X Marks The Spot: Why Generation X Is Your Last Best Hope

Paul Miller

Sandwiched between Baby Boomers and Millennials, people born between 1965 and 1980 are finally in the sweetspot for arts and culture organizations. These 42 to 57 year olds have finally reached the age at which they will soon become the largest segment of your audience. And while they may be a smaller group than the ones surrounding them, without their support, the organization you have now will not survive. And if that's not a big enough challenge, listen to this: they've been ignored for their entire lives and they're not happy.

NeverDark’s Paul Miller will give you recent demographic and psychographic data about Gen X and share ways to use that information to execute strategies that help make up for lost time and begin to build meaningful relationships. You'll leave having a better understanding of who this audience is, how to get them to engage with your organization, and why they're so vital to your financial and artistic future.



The Compelling Employment Offer

Pope Ward

At a time when the labor markets are tight, arts organizations must find ways to resonate better with the needs and expectations of employees in order to build employment offers capable of attracting, retaining and engaging top talent.

The Advisory Board for the Arts has completed the largest ever survey of arts and culture talent, using a technique called conjoint analysis (or "trade-off" analysis) in order to give arts leaders a much clearer picture of what employees want, and what they are willing to trade off in order to get it.

Topics we will cover include:

  • What elements of the employment offer do staff value most?
  • How do preferences change according to age, position in organization and other factors?
  • How much pay (and other benefits) are employees willing to trade-off in order to get what they want?
  • How can organizations transform their cultures to give employees the flexibility and culture they want?



Create Loyal Donors: The Core of Your Major Gifts

Louis Diez

Why should we care about donor loyalty? How do successful organizations keep their donors? Louis Diez will share research on the importance of donor loyalty along with practical, field-tested ways to retain donors. Loyal donors are the core of the major gifts pipeline and contribute to more sustainable (and less stressful!) arts organizations.


(Webinars and Roundtables are at 11:00 a.m. PST. You will receive recordings of all webinars and roundtables.)

Our Sponsors

Marketing innovation is the key to reinventing the customer experience and growing your audience and we believe that great technology and digital tools play a huge role in this. We can’t wait to catch up with you all soon to talk about where audience development is heading next.

If you don’t know Spektrix, our mission is to provide arts organizations with the best possible chance of success in ticketing, marketing and fundraising, which we do through our cloud-based technology and support services. Our team of 60+ work with over 260 organizations in the US, Canada, and the UK.
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The Wallace Foundation seeks to improve education and enrichment for disadvantaged children and foster the vitality of arts for everyone. The foundation has an unusual approach: funding efforts to test innovative ideas for solving important public problems, conducting research to find out what works and what doesn’t and to fill key knowledge gaps – and then communicating the results to help others. Wallace, which works nationally, has five major initiatives under way:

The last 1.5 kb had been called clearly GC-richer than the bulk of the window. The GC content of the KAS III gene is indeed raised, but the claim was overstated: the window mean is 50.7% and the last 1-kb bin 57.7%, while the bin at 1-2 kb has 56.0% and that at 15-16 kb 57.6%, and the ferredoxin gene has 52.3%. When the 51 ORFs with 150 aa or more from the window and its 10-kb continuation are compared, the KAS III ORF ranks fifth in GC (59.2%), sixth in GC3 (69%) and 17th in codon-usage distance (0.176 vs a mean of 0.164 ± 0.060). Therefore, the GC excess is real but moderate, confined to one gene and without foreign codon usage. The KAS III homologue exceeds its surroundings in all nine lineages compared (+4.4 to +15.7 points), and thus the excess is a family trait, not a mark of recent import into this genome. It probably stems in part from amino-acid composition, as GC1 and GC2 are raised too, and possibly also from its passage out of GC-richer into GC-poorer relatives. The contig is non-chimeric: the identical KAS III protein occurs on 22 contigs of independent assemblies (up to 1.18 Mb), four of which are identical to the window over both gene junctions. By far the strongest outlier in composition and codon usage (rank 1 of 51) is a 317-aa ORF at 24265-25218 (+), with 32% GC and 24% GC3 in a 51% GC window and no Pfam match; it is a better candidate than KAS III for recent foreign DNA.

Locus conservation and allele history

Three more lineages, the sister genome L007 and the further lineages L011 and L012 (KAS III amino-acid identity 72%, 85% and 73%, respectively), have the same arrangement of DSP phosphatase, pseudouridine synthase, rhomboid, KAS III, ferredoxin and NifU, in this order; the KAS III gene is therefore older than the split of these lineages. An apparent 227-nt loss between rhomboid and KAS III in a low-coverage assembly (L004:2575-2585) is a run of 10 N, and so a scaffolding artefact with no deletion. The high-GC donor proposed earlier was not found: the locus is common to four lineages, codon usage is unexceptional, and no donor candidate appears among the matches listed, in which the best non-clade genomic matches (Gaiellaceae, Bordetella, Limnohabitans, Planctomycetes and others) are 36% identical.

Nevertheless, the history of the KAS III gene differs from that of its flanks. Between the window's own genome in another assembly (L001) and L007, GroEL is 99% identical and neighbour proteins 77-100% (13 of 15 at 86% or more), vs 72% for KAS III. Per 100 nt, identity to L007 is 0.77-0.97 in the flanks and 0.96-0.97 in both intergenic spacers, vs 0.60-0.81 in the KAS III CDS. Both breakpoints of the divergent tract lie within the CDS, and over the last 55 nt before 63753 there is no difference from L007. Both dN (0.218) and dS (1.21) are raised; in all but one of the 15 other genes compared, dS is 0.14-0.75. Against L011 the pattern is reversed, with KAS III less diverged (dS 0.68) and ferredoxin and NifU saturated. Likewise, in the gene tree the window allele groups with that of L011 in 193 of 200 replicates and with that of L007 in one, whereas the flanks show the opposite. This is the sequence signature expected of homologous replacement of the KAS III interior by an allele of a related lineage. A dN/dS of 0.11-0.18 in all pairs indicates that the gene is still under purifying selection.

• School leadership: Strengthening education leadership to improve student achievement.
  • Afterschool: Helping selected cities make good afterschool programs available to many more children.
  • Building audiences for the arts: Enabling arts organizations to bring the arts to a broader and more diverse group of people.
  • Arts education: Expanding arts learning opportunities for children and teens.
  • Summer and expanded learning: Better understanding the impact of high-quality summer learning programs on disadvantaged children, and enriching and expanding the school day in ways that benefit students.

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"Great actionable ideas as always."

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New From our sponsor, The Wallace Foundation:

What can the arts sector learn from arts organizations of color about community engagement and financial health?

Fifth panel in Wallace’s arts conversation series examines what leaders of arts organizations with deep roots in communities of color see as the keys to their success, as well as what they have learned while navigating crises, including COVID-19.

How Can Arts Organizations Respond to What Communities Need Most?

Fourth panel in Wallace’s Arts Conversation Series examines ways in which cultural organizations can adapt to be more responsive to diverse audiences’ needs.

How Can Nonprofit Arts Organizations Plan for the Future with So Many Unknowns?

Part of Wallace’s arts conversation series, this panel examines how organizations can approach scenario planning in light of COVID-19, the reckoning with racial justice and other pressing factors.

What Can Organizations Learn from High-Performing and Turnaround Arts Organizations?

Second panel in Wallace's arts conversation series examines how organizations can maintain relevance and resiliance through COVID-19, economic pressures and the national reckoning with racial justice.

What Audiences Want from the Arts as the Pandemic Rages On

Panelists in the first installment of Wallace's arts conversation series examine how COVID-19 and urgent conversations about racial justice are transforming the arts.

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